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Freed O.J. Simpson will live in Las Vegas, official says

For the first time in nine years, O.J. Simpson is free. Although speculation raged about where the former football star would head next, a state official said Simpson would live in Las Vegas for now.

Simpson, 70, was released at 12:08 a.m. Sunday, just minutes after he became eligible for parole, from Lovelock Correctional Center in Northern Nevada, state prisons spokeswoman Brooke Keast said shortly after his release.

For most of Sunday, no one would say where Simpson was.

Simpson’s attorney said Sunday afternoon he thought the former football star, actor and pitchman, would land in Florida, where he has said he wants to go. But Florida’s attorney general has said vociferously that Simpson wasn’t welcome.

Then, Sunday night, State Parole and Probation Capt. Shawn Arruti told The Associated Press Simpson plans to live in a Las Vegas home “for the foreseeable future.”

Arruti said Simpson has an approved residential plan that doesn’t include a move to any other state, although that could change. He added that the house’s location isn’t disclosed for security and privacy reasons.

‘Come on out’

In a Nevada Corrections Department video clip of Simpson’s dead-of-night release posted on social media, an unseen prison worker says, “Come on out.” Simpson, clad in a denim jacket and ball cap, does.

“I don’t know where he’s going, I didn’t ask where he’s going,” Keast said Sunday afternoon. “I didn’t really want to know. It wasn’t my business.”

Keast said Simpson was picked up by an unidentified driver who didn’t reveal their destination.

“I didn’t get the sense they were going to an airport,” she said. “I got the sense that they were going to their final destination, wherever that is.”

The Associated Press reported Sunday morning that Simpson postrelease was in Nevada with his friend Tom Scotto, who lives in Naples, Florida, and has offered to put Simpson up. Scotto didn’t return Las Vegas Review-Journal messages seeking comment.

Early Sunday, a media circus was camped outside of the state’s Division of Parole and Probation Department building at 215 E. Bonanza Road, near downtown Las Vegas.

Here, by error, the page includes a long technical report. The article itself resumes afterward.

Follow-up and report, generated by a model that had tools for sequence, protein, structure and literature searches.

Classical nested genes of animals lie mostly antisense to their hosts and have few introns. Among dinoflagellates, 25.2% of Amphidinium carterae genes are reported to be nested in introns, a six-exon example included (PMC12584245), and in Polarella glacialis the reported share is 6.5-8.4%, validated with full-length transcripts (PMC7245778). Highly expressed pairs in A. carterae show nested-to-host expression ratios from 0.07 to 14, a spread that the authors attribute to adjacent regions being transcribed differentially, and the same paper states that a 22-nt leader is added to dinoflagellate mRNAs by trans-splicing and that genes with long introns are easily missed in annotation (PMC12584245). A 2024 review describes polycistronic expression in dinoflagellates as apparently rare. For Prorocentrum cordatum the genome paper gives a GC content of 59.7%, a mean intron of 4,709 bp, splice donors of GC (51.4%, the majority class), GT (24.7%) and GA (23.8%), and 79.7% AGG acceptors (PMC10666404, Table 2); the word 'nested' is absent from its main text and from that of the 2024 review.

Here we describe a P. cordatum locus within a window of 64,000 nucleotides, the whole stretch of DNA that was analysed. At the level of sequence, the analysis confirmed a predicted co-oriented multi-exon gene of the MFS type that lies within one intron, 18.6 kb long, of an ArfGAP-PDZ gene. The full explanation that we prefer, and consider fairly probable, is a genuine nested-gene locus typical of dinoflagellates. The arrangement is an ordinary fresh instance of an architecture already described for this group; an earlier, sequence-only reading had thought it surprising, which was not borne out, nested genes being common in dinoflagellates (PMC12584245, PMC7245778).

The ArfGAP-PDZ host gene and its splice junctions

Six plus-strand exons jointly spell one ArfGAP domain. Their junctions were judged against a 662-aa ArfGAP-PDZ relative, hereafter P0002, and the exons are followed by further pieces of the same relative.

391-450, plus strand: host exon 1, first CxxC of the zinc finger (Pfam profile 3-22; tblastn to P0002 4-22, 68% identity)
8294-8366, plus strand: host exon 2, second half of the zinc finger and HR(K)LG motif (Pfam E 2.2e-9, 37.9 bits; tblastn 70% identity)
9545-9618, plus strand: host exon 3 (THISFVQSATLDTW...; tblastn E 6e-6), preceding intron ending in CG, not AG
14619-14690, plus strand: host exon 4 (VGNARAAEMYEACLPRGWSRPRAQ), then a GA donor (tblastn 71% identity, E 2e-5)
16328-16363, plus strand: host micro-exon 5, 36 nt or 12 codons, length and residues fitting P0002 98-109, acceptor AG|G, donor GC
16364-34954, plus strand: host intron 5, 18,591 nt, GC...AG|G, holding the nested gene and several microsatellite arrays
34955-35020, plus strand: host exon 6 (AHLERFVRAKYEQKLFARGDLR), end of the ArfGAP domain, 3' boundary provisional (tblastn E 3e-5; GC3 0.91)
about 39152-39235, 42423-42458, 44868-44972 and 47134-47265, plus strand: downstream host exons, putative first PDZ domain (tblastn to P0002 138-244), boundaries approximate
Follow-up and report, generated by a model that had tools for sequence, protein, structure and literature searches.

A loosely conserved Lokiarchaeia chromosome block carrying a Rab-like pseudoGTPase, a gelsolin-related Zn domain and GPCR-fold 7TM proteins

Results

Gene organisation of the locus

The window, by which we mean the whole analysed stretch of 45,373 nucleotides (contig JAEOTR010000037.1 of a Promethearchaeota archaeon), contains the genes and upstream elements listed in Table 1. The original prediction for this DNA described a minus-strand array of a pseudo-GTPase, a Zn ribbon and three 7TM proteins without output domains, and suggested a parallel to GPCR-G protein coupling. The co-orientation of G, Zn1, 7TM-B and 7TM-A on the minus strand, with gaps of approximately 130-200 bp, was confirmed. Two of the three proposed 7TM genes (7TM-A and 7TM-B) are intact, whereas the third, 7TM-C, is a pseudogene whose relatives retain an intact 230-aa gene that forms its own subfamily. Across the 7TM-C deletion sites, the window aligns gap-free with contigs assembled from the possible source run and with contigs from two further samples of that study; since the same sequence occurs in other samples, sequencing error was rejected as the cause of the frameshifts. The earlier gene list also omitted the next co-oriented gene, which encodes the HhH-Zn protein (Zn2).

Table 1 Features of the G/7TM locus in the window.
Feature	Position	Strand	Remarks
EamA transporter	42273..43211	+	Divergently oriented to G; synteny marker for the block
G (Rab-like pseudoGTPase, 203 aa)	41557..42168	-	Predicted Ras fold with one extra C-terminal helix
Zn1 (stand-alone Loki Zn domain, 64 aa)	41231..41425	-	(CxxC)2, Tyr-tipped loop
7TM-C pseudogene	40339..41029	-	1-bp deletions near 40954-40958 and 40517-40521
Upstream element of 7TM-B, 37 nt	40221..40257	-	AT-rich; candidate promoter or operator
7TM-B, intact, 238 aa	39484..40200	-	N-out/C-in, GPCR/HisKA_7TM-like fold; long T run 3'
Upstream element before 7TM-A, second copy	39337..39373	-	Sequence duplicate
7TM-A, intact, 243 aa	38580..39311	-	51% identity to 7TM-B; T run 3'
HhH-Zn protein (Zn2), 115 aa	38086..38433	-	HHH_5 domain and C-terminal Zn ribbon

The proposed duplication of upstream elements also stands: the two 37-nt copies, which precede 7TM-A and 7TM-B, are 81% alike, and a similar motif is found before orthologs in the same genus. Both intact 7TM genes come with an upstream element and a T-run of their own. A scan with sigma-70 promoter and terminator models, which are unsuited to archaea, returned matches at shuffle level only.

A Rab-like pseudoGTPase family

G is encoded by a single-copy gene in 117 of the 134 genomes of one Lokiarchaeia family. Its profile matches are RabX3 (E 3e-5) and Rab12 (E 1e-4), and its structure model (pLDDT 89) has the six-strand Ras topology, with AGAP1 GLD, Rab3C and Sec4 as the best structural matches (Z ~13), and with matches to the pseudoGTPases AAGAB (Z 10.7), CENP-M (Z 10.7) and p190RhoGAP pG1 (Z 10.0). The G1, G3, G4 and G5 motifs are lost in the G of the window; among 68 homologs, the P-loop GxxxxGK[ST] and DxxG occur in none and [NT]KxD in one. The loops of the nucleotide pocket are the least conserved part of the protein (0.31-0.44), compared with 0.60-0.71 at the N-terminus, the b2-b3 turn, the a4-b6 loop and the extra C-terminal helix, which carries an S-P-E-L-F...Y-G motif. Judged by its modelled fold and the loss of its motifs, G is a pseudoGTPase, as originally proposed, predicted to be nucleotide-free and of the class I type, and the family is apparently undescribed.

Local residents in the surrounding area told the Las Vegas Review-Journal that Simpson stopped into the 7-Eleven, on the northeast corner of East Bonanza Road and Las Vegas Boulevard North, “first thing in the morning.”

The store clerk at the 7-Eleven, which is less than a block away from the state department building, would not comment on the possible Simpson visit.

“We’re being very tight-lipped on that,” the woman said.

An anonymous tipster told the Las Vegas Review-Journal that Simpson, a golf lover, might be at the Red Rock Country Club. A person who answered the phone at the club said she couldn’t comment and hung up.

Sunshine State speculation

Simpson has said he wants to go to Florida, where his adult children live, to serve out his parole for a 2008 conviction on robbery and kidnapping. Simpson has served nine years in prison for a 2007 armed robbery involving two sports memorabilia dealers in a room at the Palace Station.

Simpson maintained he led five men into the confrontation to retrieve personal items and family mementos stolen following his acquittal in 1995 of murder charges in the 1994 slayings of his ex-wife Nicole Brown Simpson and her friend Ronald Goldman. He was found civilly liable for the slayings in 1997 and ordered to pay the victims’ families $33.5 million.

Meanwhile, Florida Attorney General Pam Bondi wrote Friday to Florida Corrections Department Secretary Julie Jones, asking the department to tell Nevada officials that the Sunshine State objects to having Simpson transfer there.

In her objection, Bondi said Simpson had failed to pay liability judgments of in the civil case and has shown “a manifest lack of contrition for these crimes.” She further said Simpson’s notoriety would place an extra burden on Florida authorities.